Koe no Katachi Comic Natalie Interview – Naoko Yamada

Koe no Katachi Comic Natalie Interview – Naoko Yamada

For the last 3 months we’ve been covering Naoko Yamada’s career through a series of articles and translations by megax, but all good things must come to an end. As a final gift, here’s an interview about her latest film. No actual spoilers beyond the premise, so go ahead even if you haven’t seen the film!

A Silent Voice is a story from Yoshitoki Oima’s manga where high schooler Shoya Ishida reunites with Shouko Nishimiya, a girl whom he had physically/emotionally wounded when they were elementary schoolers. Through their exchanges, Shoya begins to change.  The manga itself placed first in the boys category of “This Manga is Amazing! 2015” awards and in the “Comic Natalie Grand Prize 2014” awards as well as winning the “newcomer” award in the 19th Tezuka Osamu Cultural Prize Awards. It is published in a total of 7 volumes.

Comic Natalie has interviewed the director of this film Naoko Yamada, who works at Kyoto Animation and is known for her two prior films, K-On! The Movie! and Tamako Love Story.  Here, we listen to her first impressions of the manga, secret thoughts in her direction, and producing the film while seeing “liveliness.”

Interview/Text by Akiko Kumase

Wanting the audience to synchronize with Shoya Ishida

Originally, the plan to make A Silent Voice into a film started at Kyoto Animation, right?

Yes. We were told “Next we’ll be doing A Silent Voice.” When I heard that, I thought “Who’ll be directing that?” “I want to do it!” but I hadn’t been asked to direct it then.

You felt like “you wanted to direct it” at that moment. Were you fond of the manga then?

Sadly, I hadn’t read it at that point, but it was something that the staff talked about a whole lot. From what I knew about it, I thought “wouldn’t this be such a fantastic series to handle?” I had such an interest in it and…. this was before I read it, since I hadn’t been spoken to about directing it, my stress level was low, so I thought it was amazing. (laughs)

And you grew to love it. (laughs)

Reading it was a bit of a challenge for me, since I grew to love it yet felt it was very emotionally difficult (laughs). However, a lucky thing happened and so I was glad I was able to be spoken to about directing the film.

–  Since then, you’ve read all of the manga. What impression did it make on you?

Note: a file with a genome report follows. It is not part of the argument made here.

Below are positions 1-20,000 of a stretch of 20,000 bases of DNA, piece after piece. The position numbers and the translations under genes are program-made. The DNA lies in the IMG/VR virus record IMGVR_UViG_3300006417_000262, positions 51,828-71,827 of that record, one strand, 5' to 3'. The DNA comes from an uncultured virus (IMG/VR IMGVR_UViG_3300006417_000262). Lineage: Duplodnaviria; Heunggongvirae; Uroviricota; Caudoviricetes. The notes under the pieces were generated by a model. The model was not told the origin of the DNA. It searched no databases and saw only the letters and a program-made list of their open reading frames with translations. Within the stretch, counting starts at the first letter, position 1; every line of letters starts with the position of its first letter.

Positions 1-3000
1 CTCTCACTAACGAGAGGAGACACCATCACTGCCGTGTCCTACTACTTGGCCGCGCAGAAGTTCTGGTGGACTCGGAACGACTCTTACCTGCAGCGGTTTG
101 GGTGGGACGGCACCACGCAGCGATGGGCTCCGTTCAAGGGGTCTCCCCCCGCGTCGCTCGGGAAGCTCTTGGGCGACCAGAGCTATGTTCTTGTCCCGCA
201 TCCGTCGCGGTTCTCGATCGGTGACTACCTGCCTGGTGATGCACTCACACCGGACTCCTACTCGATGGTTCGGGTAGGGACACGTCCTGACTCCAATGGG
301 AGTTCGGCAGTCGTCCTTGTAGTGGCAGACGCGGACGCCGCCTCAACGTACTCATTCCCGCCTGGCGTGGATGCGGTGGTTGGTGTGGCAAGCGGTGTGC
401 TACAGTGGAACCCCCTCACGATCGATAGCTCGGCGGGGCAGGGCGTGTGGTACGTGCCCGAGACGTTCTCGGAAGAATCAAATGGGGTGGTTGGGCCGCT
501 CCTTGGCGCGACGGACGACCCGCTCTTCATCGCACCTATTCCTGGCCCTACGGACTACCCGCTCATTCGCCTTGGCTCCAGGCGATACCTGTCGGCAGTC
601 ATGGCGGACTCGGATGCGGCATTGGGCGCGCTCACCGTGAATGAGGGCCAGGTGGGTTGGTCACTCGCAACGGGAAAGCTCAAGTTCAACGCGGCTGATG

I think the fans of this series would certainly understand this, but this isn’t just a story that depicts the bullying of hearing-challenged people. It’s a series that also depicts the softness that lies within the harsh portions of our hearts and doesn’t overlook the important portions of that.  Generally, everyone wants to connect with others and we all have people that we wanted to get to know. In this story, you sense that the characters’ true emotions feel like they clash against each other, so if you read it, you’ll fall in love with it while you read it. That’s why I was really happy to be the director of the anime adaptation.

The manga depicts the elementary school time period in one manga volume. The film also feels like time was carefully allotted to carefully depict the scenes of Shoya in elementary school.

Since one side of A Silent Voice is a work about the boy named “Shoya Ishida” born in its world, I thought about how to present it; how to carefully depict his life and how I wanted to get everyone to synchronize with him.  Due to that, we couldn’t avoid thoroughly detailing the beginning elementary school scenes.  Also, it’s necessary to properly depict his stance towards people like Shouko Nishimiya.  However, Shouko isn’t just the constant bullying target for Shoya; this is where her stubborn will is born, so I wanted to thoroughly depict the bullying section. As it’s connected to them as high schoolers, I couldn’t avoid dirtying my hands in the elementary school portion.

The same presentation for changing expressions and wavering cores

Covering 7 volumes of manga into one film must have been incredibly challenging.

It really was….. First, I decided that anything that was placed as the core of the manga would not fade away in the film. If I had to cut a tale that appeared due to time circumstances, then I wouldn’t miss conveying the core details of that episode in the film. I would change the shape of what I wanted to convey from that episode and then insert that into the film. This series has a lot of things to convey and many layers, so there were a lot of scenes I wanted to insert in the movie.  And yet I was very troubled over whether if I should convey things simply or else they wouldn’t be conveyed. However, the scriptwriter, Reiko Yoshida-san, has had her hands in many works up to this point, so I knew she would know how to make this into one long feature. First we would temporarily talk about the guidelines of what to cover and then afterwards I would meekly take advantage of her. (laughs)

Hahaha. So at first, you would leave it to Yoshida-san. From there, how did you reduce it to the final script?

As I had a lot of conversations with the mangaka, (Yoshitoki) Oima-sensei, I was taught a lot about the series which allowed me to select what to include in order to create a purer and higher quality work. She also has a lot of emotional connection to this work, so the amount of information I received from talking with her was immense. I had to very carefully consider what was right to include from the sea of information she gave me.

Did Oima-sensei also say something like “I want you to treat this scene carefully?”